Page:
Finding inspiration in Hampi

Finding inspiration in Hampi

Robert Geesink

Hundreds of tourists visit Hampi for at least seven to eight months in a year. There are those that spend months on end in the erstwhile capital of the Vijayanagar Empire, marvelling at the sheer beauty of the architecture. And then, there are those that have chosen to stay on at Hampi. Holland’s Robert Geesink is one among them. He lives in a small house in Prakash Nagar behind the Virupaksha temple in Hampi. At any given time, you can spot Geesink lost in painting the glorious structures of Hampi. He also paints a picture of the life of the common man in this ancient town.

Memorials, temples, the banks of the Tungabhadra river, the colourful attire of Lambani women all find a place on Geesink’s canvas. His paintings have a huge demand in European countries. Between 1975 and 1987, he had an agreement with the then Dutch government to paint, and earned a monthly royalty of Rs 25,000. Amsterdam’s Dutch gallery has even honoured him with a title.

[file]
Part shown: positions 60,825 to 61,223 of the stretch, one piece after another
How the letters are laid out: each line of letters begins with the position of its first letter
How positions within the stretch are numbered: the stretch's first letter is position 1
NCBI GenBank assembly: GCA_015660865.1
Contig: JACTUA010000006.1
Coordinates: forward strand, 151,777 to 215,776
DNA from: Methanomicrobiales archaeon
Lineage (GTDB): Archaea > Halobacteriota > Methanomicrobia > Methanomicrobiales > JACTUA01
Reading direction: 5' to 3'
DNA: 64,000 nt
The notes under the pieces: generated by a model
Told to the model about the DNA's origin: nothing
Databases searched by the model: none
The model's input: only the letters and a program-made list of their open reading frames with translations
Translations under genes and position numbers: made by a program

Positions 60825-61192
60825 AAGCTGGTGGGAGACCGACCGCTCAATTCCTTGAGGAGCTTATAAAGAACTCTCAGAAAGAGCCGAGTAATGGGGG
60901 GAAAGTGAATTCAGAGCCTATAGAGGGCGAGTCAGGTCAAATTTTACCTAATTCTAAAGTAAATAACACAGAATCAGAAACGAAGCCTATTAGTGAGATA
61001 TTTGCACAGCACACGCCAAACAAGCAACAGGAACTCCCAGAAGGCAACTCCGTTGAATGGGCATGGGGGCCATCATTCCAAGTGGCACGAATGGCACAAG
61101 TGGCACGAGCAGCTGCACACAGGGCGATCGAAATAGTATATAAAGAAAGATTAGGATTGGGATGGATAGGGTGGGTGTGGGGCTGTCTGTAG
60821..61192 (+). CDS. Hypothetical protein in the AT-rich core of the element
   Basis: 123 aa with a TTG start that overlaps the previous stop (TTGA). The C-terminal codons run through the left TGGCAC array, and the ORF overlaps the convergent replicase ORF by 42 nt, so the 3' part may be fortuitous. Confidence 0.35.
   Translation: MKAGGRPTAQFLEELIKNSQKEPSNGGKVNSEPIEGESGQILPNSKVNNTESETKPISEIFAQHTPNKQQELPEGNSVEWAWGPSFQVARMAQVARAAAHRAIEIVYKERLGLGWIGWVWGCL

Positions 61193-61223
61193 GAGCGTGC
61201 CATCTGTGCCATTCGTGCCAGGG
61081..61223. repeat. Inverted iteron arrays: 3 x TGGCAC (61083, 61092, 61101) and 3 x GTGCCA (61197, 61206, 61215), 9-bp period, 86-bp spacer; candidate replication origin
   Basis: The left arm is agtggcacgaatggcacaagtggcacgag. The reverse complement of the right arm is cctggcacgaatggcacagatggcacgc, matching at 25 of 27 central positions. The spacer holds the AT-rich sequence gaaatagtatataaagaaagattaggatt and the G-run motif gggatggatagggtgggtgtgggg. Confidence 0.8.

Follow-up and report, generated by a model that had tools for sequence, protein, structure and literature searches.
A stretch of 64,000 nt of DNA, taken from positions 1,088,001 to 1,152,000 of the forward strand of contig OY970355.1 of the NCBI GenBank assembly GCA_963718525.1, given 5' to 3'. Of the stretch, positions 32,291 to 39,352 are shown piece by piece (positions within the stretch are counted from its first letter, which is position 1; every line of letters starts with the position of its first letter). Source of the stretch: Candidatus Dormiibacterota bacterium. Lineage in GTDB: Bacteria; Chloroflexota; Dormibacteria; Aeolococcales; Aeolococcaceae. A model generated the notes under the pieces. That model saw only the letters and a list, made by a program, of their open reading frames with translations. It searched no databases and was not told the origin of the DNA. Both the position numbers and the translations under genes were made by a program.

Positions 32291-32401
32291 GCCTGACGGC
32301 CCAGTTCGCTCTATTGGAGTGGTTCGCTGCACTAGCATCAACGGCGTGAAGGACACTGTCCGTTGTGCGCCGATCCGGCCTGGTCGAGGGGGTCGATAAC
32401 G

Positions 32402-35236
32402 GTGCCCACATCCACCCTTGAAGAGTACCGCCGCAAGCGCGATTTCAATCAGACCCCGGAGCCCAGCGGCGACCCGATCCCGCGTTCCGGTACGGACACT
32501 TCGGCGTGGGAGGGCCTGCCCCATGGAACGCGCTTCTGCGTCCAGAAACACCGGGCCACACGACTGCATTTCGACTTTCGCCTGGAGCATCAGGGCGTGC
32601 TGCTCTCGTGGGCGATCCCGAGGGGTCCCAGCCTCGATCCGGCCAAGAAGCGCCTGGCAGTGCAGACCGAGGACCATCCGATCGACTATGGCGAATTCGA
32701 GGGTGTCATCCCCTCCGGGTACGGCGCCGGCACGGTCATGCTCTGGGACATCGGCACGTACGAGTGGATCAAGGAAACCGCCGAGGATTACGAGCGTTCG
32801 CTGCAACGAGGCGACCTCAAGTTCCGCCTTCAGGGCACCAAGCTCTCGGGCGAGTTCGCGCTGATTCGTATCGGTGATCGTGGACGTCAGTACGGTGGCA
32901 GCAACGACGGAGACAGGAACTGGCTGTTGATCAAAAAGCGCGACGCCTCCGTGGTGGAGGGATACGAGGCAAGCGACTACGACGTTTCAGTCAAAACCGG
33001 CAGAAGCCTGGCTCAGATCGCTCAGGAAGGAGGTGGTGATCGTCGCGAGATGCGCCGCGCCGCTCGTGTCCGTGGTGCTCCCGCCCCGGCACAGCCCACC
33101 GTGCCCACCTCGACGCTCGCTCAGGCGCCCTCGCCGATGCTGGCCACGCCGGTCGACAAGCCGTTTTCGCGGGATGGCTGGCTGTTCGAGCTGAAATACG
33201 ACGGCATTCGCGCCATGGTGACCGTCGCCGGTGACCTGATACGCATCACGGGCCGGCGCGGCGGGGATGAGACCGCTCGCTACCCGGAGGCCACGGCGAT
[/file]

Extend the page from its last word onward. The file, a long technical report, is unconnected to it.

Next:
Robert’s life is as colourful as the pictures he paints of Hampi. His father was also an artist, who worked in Hollywood. Initially, Robert was a graphic artist in his father’s studio. Later, he left for Paris to break away from the monotony. After working with cinema artists, he quit his work there. This was because conditions were imposed on him to paint in the American style.

STROKES OF BRILLIANCE Robert Geesink’s depiction of Hampi.Robert visited India in 1978. After touring Gujarat, Kanyakumari and other places, he came to Hampi. After giving the great temples and architecture here one glance, he decided to stay put in Hampi. Initially, he lived in an ashram in the town. A local Lambani woman called Seethamma ensured that he ate his meals from time to time. Eventually, he married this Lambani woman from Hampi.

Hampi’s Mariammana Gadde was where he started to paint. He created tens of paintings at this spot. He even taught his wife how to paint. Seethamma’s death, after 17 years of togetherness, shook Robert. He later married a relative of Seethamma and now has four children. Robert can easily converse in the Lambani language. Robert’s paintings have been exhibited in various galleria across the world. Robert is also deeply interested in playing the guitar and the saxophone.

His life and works have inspired a student to submit a doctorate thesis on him to the Kannada University in Hampi.

Robert in now 68 years old, but not short of enthusiasm. He wants to exhibit his paintings in Delhi’s Lalit Kala Akademi and other major galleria across the country. Meanwhile, Robert continues to be one proud resident of Hampi.

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